Do not disrupt: thoughts on invisible technology

I’ve just come back from a two-week holiday in Slovenia. It was my first time there and I highly recommend a visit – we were based at Lake Bled but had the benefit of a hire car for four days midway through the fortnight which allowed us to tackle the Vršič Pass (and get lost on a one mile “easy” walk as advertised by our error-strewn Sunflower walking guide), take in the sights of Ljubljana’s Old Town (although I’m sad I didn’t have enough time to get to Metelkovo mestro as taunting snippets of its graffiti were in every guide book, calendar and even merchandise. Take a look at the video embedded in Piran Cafe’s Ljubljana Graffiti Tour if you are wondering what I’m on about) and have our plans to drive to Lipica and Trieste thwarted by thunderstorms. We struck lucky by staying at one of the most kid friendly hotels I’ve ever experienced, the Hotel Savica, and as a result every single member of the family returned home in great spirits (despite 7 different modes of transport between our hotel and house!).

Here’s a great on-board video of the Vršič Pass to give you an idea of how twisty-turny the route is. I loved it (and drove most of it in 1st  and 2nd gear).

Of course I took the old iPod Touch 2G with me. I still love its portability and even though it is showing its age now (stuck on/off button, can’t upgrade past 4.2.1 iOS) it was a godsend during the holiday for route planning, weather forecasts, translation, news and social media. My PLN were fantastic in suggesting things to see and do while in Slovenia (thanks Freda O’Byrne and @shirlpj) and I was able to keep up with some great education conversations and thoughts. I’d signed up to Doug Belshaw‘s Things I’ve Learned This Week newsletter just before the end of the Scottish school term (I used to love reading his short blog posts on this topic and thought he had simply stopped doing them) and some of the links and ideas he mentioned are now in a nice little “to investigate” list in my iOS Notes app. The iPod also allowed me to keep up to date with the Computing At School group posts which continues to inform my planning for the 2012-13 session and simultaneously marvel at the great work that has been done to reintroduce or refresh Computing Science concepts in the UK and Ireland. I lurk there a lot but intend to get more involved as I get further along the road with a few developments (my Raspberry Pi being one of them!).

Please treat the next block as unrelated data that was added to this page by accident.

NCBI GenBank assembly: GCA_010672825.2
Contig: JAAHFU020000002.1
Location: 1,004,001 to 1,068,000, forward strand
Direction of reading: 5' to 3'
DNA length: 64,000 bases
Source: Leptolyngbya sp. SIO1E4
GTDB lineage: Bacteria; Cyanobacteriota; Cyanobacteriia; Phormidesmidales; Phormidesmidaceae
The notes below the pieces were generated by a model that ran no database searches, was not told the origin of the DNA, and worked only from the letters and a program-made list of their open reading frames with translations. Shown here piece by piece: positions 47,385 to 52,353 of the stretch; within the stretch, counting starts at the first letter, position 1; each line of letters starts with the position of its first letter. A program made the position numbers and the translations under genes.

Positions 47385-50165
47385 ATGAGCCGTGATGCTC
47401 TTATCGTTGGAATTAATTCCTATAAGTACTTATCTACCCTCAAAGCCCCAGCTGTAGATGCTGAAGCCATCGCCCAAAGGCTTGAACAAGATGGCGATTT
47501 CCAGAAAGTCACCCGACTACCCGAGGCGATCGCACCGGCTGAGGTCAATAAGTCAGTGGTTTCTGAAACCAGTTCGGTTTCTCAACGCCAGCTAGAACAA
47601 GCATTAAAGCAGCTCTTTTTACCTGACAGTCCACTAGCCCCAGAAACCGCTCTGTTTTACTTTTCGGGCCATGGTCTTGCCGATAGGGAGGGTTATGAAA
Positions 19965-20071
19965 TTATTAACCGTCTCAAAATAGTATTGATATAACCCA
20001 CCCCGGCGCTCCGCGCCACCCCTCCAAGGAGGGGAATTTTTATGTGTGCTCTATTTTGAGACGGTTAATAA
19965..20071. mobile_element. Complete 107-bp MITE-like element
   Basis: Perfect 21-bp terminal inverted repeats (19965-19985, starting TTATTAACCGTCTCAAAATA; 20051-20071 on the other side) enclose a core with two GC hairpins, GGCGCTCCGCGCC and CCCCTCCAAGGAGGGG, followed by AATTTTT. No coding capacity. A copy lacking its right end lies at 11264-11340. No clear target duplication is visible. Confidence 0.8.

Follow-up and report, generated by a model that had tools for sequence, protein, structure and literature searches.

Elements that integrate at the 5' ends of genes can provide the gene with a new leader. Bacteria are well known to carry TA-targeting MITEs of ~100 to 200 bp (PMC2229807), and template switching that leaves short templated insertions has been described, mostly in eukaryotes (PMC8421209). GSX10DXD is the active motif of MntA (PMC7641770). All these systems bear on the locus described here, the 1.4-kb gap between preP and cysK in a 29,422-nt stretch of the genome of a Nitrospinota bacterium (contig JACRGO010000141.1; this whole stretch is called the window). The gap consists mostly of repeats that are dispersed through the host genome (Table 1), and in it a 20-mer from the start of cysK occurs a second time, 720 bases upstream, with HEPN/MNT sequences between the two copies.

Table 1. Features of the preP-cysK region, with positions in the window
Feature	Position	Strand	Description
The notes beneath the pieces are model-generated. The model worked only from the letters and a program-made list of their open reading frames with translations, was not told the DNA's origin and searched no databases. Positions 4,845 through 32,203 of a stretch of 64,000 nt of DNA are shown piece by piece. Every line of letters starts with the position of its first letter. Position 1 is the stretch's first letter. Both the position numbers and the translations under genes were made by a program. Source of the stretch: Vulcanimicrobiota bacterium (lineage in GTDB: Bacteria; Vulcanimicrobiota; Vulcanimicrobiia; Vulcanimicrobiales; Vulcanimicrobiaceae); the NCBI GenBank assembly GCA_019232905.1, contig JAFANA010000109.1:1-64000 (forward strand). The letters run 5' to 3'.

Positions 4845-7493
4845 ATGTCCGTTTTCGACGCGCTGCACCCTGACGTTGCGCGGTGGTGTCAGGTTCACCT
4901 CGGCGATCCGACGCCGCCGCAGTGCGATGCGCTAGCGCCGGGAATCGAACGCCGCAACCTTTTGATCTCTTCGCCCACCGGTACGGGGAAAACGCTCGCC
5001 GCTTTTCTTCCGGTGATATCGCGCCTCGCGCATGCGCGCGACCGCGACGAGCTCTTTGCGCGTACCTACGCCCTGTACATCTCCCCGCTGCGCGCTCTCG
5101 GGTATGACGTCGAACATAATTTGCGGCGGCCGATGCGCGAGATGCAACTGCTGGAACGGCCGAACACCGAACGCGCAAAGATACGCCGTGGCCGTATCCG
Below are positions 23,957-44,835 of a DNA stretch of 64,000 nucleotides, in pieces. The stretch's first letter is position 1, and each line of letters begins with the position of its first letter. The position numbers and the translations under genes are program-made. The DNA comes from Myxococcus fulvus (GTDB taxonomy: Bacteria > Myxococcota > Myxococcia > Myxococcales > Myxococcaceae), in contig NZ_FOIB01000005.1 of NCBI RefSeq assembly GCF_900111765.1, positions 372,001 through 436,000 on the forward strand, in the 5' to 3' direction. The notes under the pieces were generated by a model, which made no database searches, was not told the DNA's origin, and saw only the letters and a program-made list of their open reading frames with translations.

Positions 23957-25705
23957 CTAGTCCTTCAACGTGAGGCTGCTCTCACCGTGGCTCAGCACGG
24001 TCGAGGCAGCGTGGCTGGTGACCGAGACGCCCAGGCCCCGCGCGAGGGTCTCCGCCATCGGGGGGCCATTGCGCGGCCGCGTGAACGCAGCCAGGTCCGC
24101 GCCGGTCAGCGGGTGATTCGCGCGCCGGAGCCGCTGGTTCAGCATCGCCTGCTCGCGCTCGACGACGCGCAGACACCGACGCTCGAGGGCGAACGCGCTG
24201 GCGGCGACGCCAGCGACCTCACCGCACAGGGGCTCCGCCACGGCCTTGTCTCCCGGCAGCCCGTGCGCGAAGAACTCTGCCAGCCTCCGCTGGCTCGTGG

Slovenia had a fantastic free wifi network: from hotels, bars, airports and museums let me connect quickly without registration and the bandwidth seemed very generous. The most striking moments of high tech connectivity for me were: being able to access fast broadband at a rustic restaurant in Trenta (a tiny village beyond the aforementioned Vršič Pass) and the FREE public wifi available at Ljubljana airport as we checked in for our return flight. Those responsible for digital infrastructure in the UK could do well to take inspiration from their Slovenian counterparts. It was hassle-free, reliable and meant I could get on with my holiday rather than battling with settings, email confirmations, logins, etc.

Although I used Twitter on a daily basis while on holiday, Facebook was a different matter. Their mobile app, almost universally accepted as being pants, has been long erased from the iPod Touch. I did update my status whilst on holiday to let family and friends know how the holiday was going, but made use of Selective Tweets to cross-post from Twitter to Facebook through use of a ‘#fb’ hashtag. This workflow is simple and reliable and saves me a whole heap of app crashes and mood swings.

Although the percentage of Slovenia’s population who have internet access is much lower than that of the UK, they seem to have the right idea about how it should, or rather should not, disrupt normal everyday life. Because access was simplified, I felt that I used my device more effectively to enhance my holiday experience. I didn’t have to spend an hour after breakfast surfing for information and alienating my family, instead looking for information, news or communications on the go when it was needed. I do realise this is what most people with 3G connections can do already, but they pay through the nose for it.